Letters to the Editor offer ways for readers to engage with authors' publications. Letters are the shortest manuscript for medical students to publish and medical-education journals are best suited. The UK Foundation Programme rewards medical students achieving PubMed ID publications and we hypothesise that this is a main motivation for medical students to submit Letters to the Editor. A review of 15 medical-education journals with an impact factor was conducted to identify numbers and percentages of Letters to the Editor by medical students between July 2018 and June 2020. Affiliation of medical students was collected. Our results show over two years, 299 letters were published by medical students equating to 45.9% of total letters. There was a 60% overall increase in letters by medical students published in the first 12 months compared to second 12 months. During this period overall numbers of letters published increased by 27%. 86% of the letters published by medical students over the two-year period were from UK medical schools. Five schools accounted for 60.5% of these letters. The three medical schools with highest numbers of letters published were King's College London, Imperial College London and University of Oxford for both 2018/19 and 2019/20. The increase in letters published overall with greater numbers published by students, may indicate greater awareness of Letters to the Editor as means of dissemination amongst medical students. UK medical schools published large numbers of letters, perhaps reflecting increasing importance to students of publications due to impacting on subsequent jobs. Results from our quantitative research revealing: large numbers of letters by medical students, increase in letters published from 2018/19 to 2019/20 and overrepresentation of UK medical students supports the hypothesis that medical students are publishing letters to achieve PubMed IDs. Further qualitative research is required to test our hypothesis.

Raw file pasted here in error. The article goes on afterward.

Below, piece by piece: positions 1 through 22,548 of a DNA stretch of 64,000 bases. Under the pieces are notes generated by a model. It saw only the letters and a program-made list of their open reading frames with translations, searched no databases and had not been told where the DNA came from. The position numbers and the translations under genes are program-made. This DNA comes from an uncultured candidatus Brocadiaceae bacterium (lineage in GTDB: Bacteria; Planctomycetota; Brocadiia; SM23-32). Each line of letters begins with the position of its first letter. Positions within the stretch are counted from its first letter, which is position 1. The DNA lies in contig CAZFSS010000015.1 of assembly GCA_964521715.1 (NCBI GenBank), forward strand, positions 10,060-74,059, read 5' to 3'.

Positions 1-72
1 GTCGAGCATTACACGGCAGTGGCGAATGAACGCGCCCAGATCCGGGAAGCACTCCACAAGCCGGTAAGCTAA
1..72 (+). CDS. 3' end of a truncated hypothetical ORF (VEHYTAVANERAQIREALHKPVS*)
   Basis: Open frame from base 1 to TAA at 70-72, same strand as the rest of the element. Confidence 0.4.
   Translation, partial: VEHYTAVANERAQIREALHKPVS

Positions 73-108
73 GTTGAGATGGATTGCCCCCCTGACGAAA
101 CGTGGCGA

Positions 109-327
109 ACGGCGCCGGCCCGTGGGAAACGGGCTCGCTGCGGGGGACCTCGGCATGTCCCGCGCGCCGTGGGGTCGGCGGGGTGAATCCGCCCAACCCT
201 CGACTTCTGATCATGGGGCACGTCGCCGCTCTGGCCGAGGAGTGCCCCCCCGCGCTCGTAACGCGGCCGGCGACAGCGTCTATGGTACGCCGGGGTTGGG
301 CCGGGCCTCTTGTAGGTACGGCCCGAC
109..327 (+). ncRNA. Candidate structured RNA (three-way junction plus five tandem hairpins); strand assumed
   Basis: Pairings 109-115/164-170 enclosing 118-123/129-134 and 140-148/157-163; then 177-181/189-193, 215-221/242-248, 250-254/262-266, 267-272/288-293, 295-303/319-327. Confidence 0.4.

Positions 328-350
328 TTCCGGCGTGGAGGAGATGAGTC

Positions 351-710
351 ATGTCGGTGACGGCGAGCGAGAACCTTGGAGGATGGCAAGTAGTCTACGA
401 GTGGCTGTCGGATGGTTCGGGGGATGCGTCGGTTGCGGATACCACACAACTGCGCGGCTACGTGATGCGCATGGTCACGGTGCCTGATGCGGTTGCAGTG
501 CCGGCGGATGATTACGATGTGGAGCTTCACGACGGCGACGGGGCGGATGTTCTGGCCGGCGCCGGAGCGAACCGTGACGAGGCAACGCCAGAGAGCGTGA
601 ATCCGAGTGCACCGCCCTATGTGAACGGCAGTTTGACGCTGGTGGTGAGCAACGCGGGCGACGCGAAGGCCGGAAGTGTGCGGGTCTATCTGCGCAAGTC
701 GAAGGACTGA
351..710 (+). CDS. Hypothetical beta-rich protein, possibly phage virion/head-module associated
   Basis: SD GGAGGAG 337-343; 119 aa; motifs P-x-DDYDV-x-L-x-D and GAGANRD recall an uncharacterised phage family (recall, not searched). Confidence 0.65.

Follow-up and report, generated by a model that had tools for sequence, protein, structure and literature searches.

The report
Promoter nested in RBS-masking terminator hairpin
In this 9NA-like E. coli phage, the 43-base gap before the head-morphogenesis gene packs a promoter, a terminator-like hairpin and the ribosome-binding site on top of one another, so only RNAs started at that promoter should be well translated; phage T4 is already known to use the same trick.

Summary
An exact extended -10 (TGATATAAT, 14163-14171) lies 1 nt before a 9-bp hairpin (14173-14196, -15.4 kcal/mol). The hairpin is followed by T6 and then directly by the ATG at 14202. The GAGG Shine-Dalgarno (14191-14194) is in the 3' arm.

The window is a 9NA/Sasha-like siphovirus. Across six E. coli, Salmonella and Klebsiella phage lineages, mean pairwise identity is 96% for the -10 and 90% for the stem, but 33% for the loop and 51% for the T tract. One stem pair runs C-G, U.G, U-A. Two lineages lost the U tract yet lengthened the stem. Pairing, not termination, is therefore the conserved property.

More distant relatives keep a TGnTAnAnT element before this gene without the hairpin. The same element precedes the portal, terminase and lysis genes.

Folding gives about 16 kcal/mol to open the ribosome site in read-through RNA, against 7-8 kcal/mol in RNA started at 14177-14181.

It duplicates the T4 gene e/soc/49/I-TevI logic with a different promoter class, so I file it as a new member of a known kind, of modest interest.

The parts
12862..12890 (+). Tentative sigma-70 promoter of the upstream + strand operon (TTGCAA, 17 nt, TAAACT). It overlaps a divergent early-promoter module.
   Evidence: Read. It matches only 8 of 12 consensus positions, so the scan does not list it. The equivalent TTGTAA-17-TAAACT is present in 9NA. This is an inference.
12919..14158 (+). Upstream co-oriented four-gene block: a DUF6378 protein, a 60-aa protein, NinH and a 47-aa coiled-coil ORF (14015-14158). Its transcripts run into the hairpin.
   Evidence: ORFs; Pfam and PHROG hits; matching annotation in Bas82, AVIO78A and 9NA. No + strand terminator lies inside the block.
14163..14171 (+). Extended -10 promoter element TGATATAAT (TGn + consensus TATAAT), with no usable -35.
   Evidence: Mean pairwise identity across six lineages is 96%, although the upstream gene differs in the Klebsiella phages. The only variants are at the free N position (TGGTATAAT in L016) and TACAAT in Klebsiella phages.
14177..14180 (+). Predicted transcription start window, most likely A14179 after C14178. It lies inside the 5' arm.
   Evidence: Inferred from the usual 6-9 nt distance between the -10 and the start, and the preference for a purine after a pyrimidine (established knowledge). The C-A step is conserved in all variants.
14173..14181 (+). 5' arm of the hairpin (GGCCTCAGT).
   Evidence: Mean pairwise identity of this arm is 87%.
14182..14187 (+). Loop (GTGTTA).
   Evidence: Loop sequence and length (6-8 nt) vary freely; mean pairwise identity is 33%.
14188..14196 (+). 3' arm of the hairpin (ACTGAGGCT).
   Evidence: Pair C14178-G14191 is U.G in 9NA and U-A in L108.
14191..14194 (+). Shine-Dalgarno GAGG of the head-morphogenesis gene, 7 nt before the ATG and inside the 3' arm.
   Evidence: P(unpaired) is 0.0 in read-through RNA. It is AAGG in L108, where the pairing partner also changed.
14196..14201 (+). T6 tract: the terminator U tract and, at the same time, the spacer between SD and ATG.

Keywords:  Medical education; letters to editor; medical student; uk foundation programme; uk medical schools
  6. J Am Psychiatr Nurses Assoc. 2021 Apr 15. 10783903211009154
  7. Res Integr Peer Rev. 2021 Apr 15. 6(1): 6
      BACKGROUND: Inaccurate, false or incomplete research publications may mislead readers including researchers and decision-makers. It is therefore important that such problems are identified and rectified promptly. This usually involves collaboration between the research institutions and academic journals involved, but these interactions can be problematic.METHODS: These recommendations were developed following discussions at World Conferences on Research Integrity in 2013 and 2017, and at a specially convened 3-day workshop in 2016 involving participants from 7 countries with expertise in publication ethics and research integrity. The recommendations aim to address issues surrounding cooperation and liaison between institutions (e.g. universities) and journals about possible and actual problems with the integrity of reported research arising before and after publication.
    RESULTS: The main recommendations are that research institutions should: 1) develop mechanisms for assessing the integrity of reported research (if concerns are raised) that are distinct from processes to determine whether individual researchers have committed misconduct; 2) release relevant sections of reports of research integrity or misconduct investigations to all journals that have published research that was investigated; 3) take responsibility for research performed under their auspices regardless of whether the researcher still works at that institution or how long ago the work was done; 4) work with funders to ensure essential research data is retained for at least 10 years. Journals should: 1) respond to institutions about research integrity cases in a timely manner; 2) have criteria for determining whether, and what type of, information and evidence relating to the integrity of research reports should be passed on to institutions; 3) pass on research integrity concerns to institutions, regardless of whether they intend to accept the work for publication; 4) retain peer review records for at least 10 years to enable the investigation of peer review manipulation or other inappropriate behaviour by authors or reviewers.